The summer before my freshman year, I imagined my high school experience being akin to the ones I saw through
heavily-filtered Instagram posts and cheesy MTV soap operas. My famous four years would be a flurry of flashy, pom-pom crazy football games and tight-knit cliques and schmoozy red solo cup after parties.
I had romantic fantasies of what being a teenager was going to be like, fueled by my affinity for melodramatic coming-of-age novels and movies, a la “The Perks of Being a Wallflower.”
The three years following that summer, however, were starkly different compared to these idyllic daydreams. Sure, okay, I went to a handful of football games my freshman year, but I only remember the last one I ever went to, when I felt so out of place among the sea of my sparkly blue-and-white faced classmates that I began hyperventilating. In my panicked, self-conscious state, I sprinted out of the stadium and then walked a mile and a half home in the dark.
Friends were hard to come by for me those first two years, let alone any parties. I was left stammering and tongue-tied when it came to conversations with groupmates and table partners, leaving me red in the face for the rest of the day. In a school of 1,500 kids, I felt alone.
My worst memory of this time was in freshman gym class, where girls mocked me while playing basketball and spread rumors about my sexual orientation in huddled, secretive groups, side-eyeing me and giggling the whole time.
I remember one day in particular where our teacher ordered us to pair up for the day’s lesson. All the gym clothes-clad girls parted like the red sea at the shriek of her whistle, leaving me alone among the dust. My teacher had to forcibly coax someone out of a group of three just to be my partner, a chore the girl begrudgingly accepted. As a freshman, a lot of things were still uncertain, but the one thing I was sure of was this: I did not want to spend four years in a building I dreaded walking into every morning.
I remember several tearful evenings where I stood in the living room, begging my parents to let me be homeschooled, but the response was always a negative one. I even asked to transfer schools, another suggestion which was shot down.
My last viable option was to graduate in three years instead of four. It would mea taking US History in a stuffy, monotone summer school classroom and sacrificing treasured senior traditions like prom and graduation. I wasn’t even sure if it was possible with my current schedule. But in my eyes, it was better than the alternative of another taxing year in high school.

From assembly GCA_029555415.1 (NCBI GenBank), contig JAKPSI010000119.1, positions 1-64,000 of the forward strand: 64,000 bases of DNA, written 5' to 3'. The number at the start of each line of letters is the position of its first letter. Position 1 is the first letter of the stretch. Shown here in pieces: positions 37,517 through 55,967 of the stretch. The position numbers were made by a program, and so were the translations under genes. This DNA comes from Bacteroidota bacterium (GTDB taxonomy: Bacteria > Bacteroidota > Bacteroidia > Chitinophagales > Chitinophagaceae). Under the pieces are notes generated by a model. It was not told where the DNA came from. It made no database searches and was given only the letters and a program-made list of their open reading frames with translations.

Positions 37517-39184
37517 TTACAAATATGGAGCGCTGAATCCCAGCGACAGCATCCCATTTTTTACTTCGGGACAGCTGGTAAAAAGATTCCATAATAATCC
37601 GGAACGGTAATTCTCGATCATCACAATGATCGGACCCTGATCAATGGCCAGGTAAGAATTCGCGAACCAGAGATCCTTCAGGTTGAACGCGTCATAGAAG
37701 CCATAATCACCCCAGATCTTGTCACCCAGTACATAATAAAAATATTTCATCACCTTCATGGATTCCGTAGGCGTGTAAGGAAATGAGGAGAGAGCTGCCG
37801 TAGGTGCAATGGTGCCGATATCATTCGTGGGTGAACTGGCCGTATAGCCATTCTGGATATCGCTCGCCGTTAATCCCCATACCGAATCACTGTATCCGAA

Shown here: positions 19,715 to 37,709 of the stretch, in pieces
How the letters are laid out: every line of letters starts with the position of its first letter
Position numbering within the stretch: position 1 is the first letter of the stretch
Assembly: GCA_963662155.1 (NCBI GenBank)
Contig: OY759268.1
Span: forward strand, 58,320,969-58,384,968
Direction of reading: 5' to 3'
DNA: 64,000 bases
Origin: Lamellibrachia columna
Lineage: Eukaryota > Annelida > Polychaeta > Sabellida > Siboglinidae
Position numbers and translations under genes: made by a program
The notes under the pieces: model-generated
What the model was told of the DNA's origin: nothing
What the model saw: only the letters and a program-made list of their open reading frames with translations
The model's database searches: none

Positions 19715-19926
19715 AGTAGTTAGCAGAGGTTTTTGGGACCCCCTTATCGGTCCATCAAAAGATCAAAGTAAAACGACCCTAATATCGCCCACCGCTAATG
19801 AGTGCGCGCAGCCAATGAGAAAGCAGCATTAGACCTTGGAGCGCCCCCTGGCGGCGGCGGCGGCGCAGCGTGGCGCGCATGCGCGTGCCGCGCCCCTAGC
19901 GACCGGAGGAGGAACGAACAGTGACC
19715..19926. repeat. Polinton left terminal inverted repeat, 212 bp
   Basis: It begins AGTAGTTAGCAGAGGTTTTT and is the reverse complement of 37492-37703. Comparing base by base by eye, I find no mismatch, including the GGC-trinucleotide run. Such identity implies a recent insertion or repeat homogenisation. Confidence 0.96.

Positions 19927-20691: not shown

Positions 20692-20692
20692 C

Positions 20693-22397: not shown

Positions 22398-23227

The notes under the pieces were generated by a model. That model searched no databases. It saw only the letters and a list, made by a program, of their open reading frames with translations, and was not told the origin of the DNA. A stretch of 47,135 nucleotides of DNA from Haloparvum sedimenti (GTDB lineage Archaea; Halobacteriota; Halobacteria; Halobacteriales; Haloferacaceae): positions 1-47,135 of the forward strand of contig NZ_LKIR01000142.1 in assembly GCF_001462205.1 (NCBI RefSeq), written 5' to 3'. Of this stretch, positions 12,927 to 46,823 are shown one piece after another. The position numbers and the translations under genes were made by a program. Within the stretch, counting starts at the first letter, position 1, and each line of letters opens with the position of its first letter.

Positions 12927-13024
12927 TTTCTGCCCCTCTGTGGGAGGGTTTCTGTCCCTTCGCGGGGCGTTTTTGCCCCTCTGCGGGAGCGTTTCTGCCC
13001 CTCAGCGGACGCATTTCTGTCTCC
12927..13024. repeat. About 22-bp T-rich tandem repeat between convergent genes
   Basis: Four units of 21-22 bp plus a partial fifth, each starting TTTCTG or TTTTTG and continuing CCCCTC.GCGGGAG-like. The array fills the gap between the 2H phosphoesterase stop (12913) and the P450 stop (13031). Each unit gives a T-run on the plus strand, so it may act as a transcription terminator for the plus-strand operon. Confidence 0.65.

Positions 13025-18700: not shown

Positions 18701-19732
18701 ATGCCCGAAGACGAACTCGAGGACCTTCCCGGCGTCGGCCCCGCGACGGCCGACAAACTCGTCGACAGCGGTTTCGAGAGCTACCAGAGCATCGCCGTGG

Sophomore year came around and things weren’t much easier for me, so that January, I sat down with my counselor and told her my plans. After several minutes of counting credits and double and triple checking my classes, we finally mocked up my last schedule of high school. I was going to graduate early.
That was nearly a year and a half ago. Since then, there have been moments where I second-guessed my choice to leave early. Friends and classmates constantly reminded me that I would be missing out on the famous “High School Experience” I’d once dreamed about. There would be no glitzy prom to plan with my friends or tie-dye Color Wars assembly to cheer at. Some peers even took it upon themselves to inform me that there was no way I could get into a decent college with my minimum number of high school credits.
The cancellation of in-person school for the rest of the ‘19-’20 year also made my early graduation plans more difficult. While many of my fellow Junior friends anticipate resuming their high school lives in the fall, that is not the case for me. When I stumbled out of school on March 13th, I didn’t realize it would be the last time I walked out as a student of Vernon Hills High School.
There were many friends and teachers I never got to say goodbye to in person and water polo games I would never get to play again. It’s easy to get sentimental about the past, especially with something as heavily-romanticized
as high school, an institution that represents the era of adolescent milestones — first loves, first dances, sports victories, lifelong friendships.
But now, I recognize that there isn’t some magical formula to achieving the “right” kind of high school experience. Some people thrive in that environment, and others won’t particularly miss it once they leave that building for the last time. To me, it was just another period of time in my life as ordinary and equally memorable as my elementary and middle school years, and it’s taken me awhile to realize that there’s nothing wrong with that.
As of now, I plan on attending community college this fall, a few months after my 17th birthday. Especially with the stay-at-home order in place, this wrap-up of my high school journey feels appropriately anticlimactic. There is no grand, “High School Musical”-esque graduation ceremony, and certainly no wild grad parties with finger foods and deafening trap music.
But honestly, I’m okay with that. I think I’m ready to move on.